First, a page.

Shake on it
On 50 years' worth of constituent photo ops and other by-the-numbers goodies
Cataloging all the condemnations heaped on politicians would require a stupefying amount of square footage. Even if the list went back only to Pete Wilson instead of Pericles, it would still take serious shoehorning just to wedge everything into one of those Moffett dirigible hangars.
A common condemnation is that elected officials don’t do squat about what’s really important, as defined by the condemner, naturally. Skirting the wildly subjective question of what’s truly important, a big chunk of understanding elected officials is doing the numbers on who they actually represent.
Take a California state senator. (Please!) California’s senators have the largest legislative districts by population in the country. Sacramento’s very own Darrell Steinberg represents 936,301 people who live in Senate District 6, centered around Sacramento, Elk Grove and Rancho Cordova.
As elected representatives go, Steinberg is darn conscientious. Conscientious enough that he might, no matter how briefly, think it would be swell to personally meet all of his 936,301 Senate District 6 constituents.
Shaking hands with 50 of his flock each day—a challenging but doable number given the other duties Steinberg shoulders as the unspeakably powerful president pro tempore of the Senate—would take 51 years. If he started today, Steinberg would be 104 when he finished and would have been term-limited out of being the 6th District senator for 49 of those 51 years.
He could blow off shaking hands with all the kids in the district. Elected representatives routinely say they’re striving to create a brighter future “going forward” for lil’ kiddos everywhere. (Can there be a future going backward?) But kids don’t vote.
Statewide, 24.6 percent of Californians are under the age of 18. The percentage is a bit higher in District 6, which would mean 244,261 fewer hands to shake.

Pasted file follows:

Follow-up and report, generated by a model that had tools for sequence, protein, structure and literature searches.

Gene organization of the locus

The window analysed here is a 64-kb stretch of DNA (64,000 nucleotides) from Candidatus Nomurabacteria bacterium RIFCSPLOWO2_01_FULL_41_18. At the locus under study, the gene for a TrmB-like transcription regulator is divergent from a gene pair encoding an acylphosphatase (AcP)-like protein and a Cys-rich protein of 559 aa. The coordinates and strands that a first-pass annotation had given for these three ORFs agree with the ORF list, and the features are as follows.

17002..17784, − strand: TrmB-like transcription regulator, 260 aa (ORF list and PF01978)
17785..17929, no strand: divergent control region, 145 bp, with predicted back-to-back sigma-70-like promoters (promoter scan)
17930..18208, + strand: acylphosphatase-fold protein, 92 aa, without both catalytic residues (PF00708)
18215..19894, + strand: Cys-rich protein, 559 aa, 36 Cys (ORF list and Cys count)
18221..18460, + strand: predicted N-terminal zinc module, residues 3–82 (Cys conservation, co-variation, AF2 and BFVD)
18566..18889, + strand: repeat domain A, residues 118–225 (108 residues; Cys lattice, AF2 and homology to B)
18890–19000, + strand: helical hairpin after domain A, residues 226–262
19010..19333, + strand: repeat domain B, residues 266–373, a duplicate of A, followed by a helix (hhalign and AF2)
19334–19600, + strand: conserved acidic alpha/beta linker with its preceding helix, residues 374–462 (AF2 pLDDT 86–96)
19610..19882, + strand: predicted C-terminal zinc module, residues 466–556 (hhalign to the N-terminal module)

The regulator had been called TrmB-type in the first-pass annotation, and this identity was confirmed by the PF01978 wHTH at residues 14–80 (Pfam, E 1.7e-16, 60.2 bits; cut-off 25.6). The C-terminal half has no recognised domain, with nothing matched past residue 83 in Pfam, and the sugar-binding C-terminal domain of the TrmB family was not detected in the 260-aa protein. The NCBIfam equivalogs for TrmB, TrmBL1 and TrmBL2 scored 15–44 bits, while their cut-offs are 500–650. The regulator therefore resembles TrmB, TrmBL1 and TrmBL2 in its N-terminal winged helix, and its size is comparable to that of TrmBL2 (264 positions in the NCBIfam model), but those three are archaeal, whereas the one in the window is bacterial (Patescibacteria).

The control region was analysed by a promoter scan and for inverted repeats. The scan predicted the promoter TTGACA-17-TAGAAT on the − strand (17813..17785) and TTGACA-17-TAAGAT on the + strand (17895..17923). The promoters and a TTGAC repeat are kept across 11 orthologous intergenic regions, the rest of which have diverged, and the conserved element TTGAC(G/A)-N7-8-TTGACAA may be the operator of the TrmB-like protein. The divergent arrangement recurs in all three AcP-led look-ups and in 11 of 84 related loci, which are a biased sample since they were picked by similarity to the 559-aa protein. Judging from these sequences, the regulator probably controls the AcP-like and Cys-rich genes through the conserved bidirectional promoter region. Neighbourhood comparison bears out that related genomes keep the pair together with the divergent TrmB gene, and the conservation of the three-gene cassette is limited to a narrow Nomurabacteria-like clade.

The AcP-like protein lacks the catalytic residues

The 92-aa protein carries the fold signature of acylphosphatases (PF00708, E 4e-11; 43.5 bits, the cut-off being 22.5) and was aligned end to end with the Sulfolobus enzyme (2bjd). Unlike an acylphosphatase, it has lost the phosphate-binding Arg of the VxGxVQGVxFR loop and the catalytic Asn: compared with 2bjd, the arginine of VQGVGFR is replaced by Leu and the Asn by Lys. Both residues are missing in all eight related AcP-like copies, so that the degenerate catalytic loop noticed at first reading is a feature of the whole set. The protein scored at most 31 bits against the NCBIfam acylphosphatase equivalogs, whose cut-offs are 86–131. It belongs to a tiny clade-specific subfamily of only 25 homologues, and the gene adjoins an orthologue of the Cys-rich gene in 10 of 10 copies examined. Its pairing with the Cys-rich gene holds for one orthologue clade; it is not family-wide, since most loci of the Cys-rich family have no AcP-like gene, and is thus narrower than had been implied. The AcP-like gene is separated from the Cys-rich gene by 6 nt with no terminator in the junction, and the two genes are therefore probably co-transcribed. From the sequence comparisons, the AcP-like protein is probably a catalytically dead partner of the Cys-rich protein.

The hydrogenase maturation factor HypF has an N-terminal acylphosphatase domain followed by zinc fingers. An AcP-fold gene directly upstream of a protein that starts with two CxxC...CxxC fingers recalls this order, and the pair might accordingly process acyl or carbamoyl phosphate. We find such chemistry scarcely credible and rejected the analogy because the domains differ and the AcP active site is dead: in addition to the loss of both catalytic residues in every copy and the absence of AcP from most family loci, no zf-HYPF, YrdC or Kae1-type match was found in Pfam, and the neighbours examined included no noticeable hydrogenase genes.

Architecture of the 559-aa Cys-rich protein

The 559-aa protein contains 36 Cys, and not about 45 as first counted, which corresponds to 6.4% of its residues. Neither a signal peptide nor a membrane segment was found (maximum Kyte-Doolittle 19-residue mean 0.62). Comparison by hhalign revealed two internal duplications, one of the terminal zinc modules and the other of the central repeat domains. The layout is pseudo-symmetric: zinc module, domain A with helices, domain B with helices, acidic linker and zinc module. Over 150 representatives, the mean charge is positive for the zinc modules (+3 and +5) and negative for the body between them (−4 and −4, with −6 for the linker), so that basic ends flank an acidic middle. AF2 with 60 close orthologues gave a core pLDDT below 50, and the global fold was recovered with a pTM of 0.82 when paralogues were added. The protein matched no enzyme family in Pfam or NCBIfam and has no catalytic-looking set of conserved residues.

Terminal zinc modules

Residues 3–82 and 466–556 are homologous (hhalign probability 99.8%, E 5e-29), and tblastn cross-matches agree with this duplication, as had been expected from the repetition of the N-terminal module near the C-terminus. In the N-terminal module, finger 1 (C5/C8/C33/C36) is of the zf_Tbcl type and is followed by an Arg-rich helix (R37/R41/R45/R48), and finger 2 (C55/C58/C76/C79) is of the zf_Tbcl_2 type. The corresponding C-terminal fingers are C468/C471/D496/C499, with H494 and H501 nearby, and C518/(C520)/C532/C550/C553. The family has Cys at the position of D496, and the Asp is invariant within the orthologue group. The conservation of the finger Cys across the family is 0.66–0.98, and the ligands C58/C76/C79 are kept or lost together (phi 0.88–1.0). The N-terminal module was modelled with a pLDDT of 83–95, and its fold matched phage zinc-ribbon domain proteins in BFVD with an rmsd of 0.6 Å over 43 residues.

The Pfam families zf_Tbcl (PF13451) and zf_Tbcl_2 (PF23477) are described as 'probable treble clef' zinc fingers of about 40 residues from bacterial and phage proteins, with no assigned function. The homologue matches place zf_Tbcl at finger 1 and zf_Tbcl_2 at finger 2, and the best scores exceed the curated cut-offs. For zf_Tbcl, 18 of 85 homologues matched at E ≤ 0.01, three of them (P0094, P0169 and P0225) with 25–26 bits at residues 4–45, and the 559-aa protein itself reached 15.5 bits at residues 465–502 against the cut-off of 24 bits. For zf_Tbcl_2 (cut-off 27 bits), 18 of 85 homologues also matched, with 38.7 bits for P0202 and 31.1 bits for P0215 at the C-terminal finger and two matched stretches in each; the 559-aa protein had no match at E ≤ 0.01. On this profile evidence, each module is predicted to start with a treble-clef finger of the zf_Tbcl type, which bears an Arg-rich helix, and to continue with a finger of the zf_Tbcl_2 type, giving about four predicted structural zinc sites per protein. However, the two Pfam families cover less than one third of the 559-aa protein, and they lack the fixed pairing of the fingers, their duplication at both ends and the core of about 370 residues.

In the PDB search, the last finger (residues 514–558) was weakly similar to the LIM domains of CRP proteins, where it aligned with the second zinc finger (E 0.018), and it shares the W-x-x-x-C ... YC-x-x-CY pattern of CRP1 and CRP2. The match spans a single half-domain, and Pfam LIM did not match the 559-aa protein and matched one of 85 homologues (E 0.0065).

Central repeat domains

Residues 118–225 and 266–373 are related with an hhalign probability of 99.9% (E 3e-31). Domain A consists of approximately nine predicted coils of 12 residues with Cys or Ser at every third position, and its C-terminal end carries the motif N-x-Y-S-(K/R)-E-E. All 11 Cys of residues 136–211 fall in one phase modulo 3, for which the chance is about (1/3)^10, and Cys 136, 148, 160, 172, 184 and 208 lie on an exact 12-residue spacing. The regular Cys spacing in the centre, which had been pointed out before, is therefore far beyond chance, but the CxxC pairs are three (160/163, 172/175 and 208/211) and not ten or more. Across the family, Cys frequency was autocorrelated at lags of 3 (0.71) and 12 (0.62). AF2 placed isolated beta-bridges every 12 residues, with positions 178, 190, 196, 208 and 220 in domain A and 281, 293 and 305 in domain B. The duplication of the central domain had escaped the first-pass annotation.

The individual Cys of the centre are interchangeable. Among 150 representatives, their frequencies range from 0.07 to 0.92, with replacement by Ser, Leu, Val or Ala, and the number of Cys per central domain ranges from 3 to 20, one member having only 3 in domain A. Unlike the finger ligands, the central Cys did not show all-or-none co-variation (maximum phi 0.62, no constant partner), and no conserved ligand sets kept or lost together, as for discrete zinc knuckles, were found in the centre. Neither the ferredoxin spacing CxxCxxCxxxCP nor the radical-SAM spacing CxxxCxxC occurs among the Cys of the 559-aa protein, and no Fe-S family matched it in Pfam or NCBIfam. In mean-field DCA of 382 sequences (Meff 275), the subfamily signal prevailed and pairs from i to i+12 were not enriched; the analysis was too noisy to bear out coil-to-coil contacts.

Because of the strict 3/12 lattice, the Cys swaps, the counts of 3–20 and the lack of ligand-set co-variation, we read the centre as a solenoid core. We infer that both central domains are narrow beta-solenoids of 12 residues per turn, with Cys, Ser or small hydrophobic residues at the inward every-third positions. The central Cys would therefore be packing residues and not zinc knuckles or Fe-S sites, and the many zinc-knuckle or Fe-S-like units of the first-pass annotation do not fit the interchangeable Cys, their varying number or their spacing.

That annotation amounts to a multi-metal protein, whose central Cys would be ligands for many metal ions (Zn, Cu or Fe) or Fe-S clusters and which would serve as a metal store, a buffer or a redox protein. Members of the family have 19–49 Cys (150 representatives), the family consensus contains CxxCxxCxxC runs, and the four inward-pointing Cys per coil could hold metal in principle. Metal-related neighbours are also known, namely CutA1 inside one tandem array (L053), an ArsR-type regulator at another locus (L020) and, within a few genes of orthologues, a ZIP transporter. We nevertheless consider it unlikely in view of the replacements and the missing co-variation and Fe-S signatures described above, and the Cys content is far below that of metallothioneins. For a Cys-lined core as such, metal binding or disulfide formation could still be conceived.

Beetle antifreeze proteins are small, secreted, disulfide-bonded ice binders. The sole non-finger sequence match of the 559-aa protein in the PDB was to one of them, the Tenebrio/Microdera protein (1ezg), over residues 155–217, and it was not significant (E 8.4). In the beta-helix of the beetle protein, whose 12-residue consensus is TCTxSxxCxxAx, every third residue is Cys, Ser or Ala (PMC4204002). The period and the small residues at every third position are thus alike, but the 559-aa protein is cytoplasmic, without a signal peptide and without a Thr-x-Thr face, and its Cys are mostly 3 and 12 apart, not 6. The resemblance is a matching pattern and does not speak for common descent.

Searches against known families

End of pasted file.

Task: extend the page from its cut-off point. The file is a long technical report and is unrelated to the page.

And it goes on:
As a compromise, Steinberg could kiss the 62,732 nippers under 5, leaving a net handshake reduction of 181,529. Just short of 42 years would cover that smaller universe.
Not all of the 692,040 residents who are of voting age can vote: Only 565,628 are citizens. Sticking to adult citizens yields a more manageable 31 years.
Another option would be not shaking hands with constituents of various ethnicities, or shaking the hands of only the percentage of those ethnicities that share the elected official’s party affiliation.
If he wanted to, Steinberg then could shake just 49 percent of the hands of District 6’s white, Latino, Asian-American and African-American constituents, which are 40 percent, 25 percent, 19 percent and 13 percent of the district’s population. Respectively.
But that would be bad. Steinberg would receive a welt-raising public-relations flogging for trying to marginalize Republicans. (Why bother? They got that covered themselves.)
What would really cut down on glad-handing time—probably not so glad after even a few 50-a-day weeks—is meeting only those constituents registered to vote. That’s a mere 433,215 persons in District 6. Under 24 years.
Better yet: Meet only those voting-age residents who are citizens and registered to vote but actually cast a ballot.
In 2010, when Steinberg was re-elected, 224,888 persons cast ballots of which 61 percent, or 137.012, voted Democrat. Meeting those 224,888 voters would take just 12.3 years. Steinberg would be barely 66, which is now the new 65.
If Steinberg was a partisan, tool nozzle scum bucket, he could only meet voters who cast a ballot for him, endorsing the bang-up job he’s done representing the people—or at least some percentage of the people—in District 6.
Darrell Steinberg is many things. Tool nozzle scum bucket, or even one of the two, he’s not.
But if he were either or both of the above, personally thanking those who demonstrated their deep appreciation for him by their votes would take scarcely 7.5 years.